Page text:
I reached the Old Town, about a 2 1/5 kilometer walk from Sakiâ€™s.
I walked in through the Venetian walls and through a non descript gate. I was immediately in a maze of narrow streets with old but plain buildings. This is no Dubrovnik. I guess I shouldnâ€™t have expected such grandeur even though there are similarities. The streets of the old town have been converted to â€śBudva Mallâ€ť. Most of what is there is shops, and not even interesting ones. There were repetitive jewelry stores, shoe stores, some eateries, and a few souvenir stores. The souvenirs are run of the millâ€¦â€¦not promoting the crafts, culture or art of the people. I was very disappointed. I continued on to the largest open space where XXX churches and the citadel sit.
The look here is better but none of the buildings were open, no churches, no citadel,nothing.
As I was approaching, a clean well-dressed man stopped me. He asked where I was from. I told him and he immediately started guessing which cityâ€¦..New York, Los Angeles, Florida, Washington D. C. I tried to stop him and explain the placement of Louisiana. He didnâ€™t understand. From this, his next words were not as pleasant. â€śI have no job and no money. Can you give me 50 euro.â€ť I was stunned and furious with this person that I thought was just being friendly. I told him noâ€¦..he continued and I told him no, again. He, again, continued and I held up my and with a very angry face said â€śSTOPâ€ť! I then asked it he understood â€śSTOPâ€ť as I continued my angry face which I hope looked threatening as he had gotten in my personal space several times during this. He just looked at meâ€¦â€¦I think deciding whether or not to press on.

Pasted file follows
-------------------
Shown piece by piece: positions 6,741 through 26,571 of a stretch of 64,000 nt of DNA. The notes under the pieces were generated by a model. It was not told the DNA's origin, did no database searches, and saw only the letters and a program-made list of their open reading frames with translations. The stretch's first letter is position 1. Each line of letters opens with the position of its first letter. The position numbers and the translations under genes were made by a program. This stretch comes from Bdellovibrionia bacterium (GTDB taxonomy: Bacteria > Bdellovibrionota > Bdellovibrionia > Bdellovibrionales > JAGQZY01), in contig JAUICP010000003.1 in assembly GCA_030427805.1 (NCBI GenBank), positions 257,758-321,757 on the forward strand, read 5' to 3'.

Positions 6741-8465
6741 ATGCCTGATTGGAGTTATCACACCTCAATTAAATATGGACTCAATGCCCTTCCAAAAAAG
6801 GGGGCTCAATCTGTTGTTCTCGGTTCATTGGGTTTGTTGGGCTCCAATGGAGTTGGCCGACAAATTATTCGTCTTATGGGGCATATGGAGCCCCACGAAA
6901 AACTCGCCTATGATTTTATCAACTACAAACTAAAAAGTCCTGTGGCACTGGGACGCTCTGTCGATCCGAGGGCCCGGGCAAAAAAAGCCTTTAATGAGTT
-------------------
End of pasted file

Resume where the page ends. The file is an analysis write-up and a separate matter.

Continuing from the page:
Anyway, I moved on to enjoy the view out to the sea and a beautiful old building with a circular window like I had seen in the Roman ruins in Split. I love these windows.
I continued through the maze and found the cityâ€™s museum. I will come back later for a visit. Exiting a different gate, I found the northern side and itâ€™s beach. There was a nice view of the walls and city and even St. Nikolas island.
As it was spitting rain again, I began my long walk back. I stopped at a grocery and picked up supplies and some Montenegrin, Macedonian, and Albanian wineâ€¦â€¦.
I settled in for a relaxing evening but, the odor was now much stronger. The door and windows being closed was trapping it in. I knew the smellâ€¦â€¦..cat urineâ€¦..aaarrrgghh! I couldnâ€™t find Saki and tried to leave the windows open as long as I could. I was on the ground floor, though, and didnâ€™t feel comfortable leaving it open while I slept. I had to shut them. I got a terrible headache and even started sneezing. I even realized that the comforter had the smell. I found another comforter in the closet. The problem there was that it had its own smellâ€¦â€¦stink. It was not clean. It smelled like someone that had not taken a bath in a month. Soâ€¦â€¦I had to choose cat urine or human stinkâ€¦..what a choice. As it was cold and there was no sheet, I just decided to sleep in my clothes.
I hoped for a better day, tomorrow.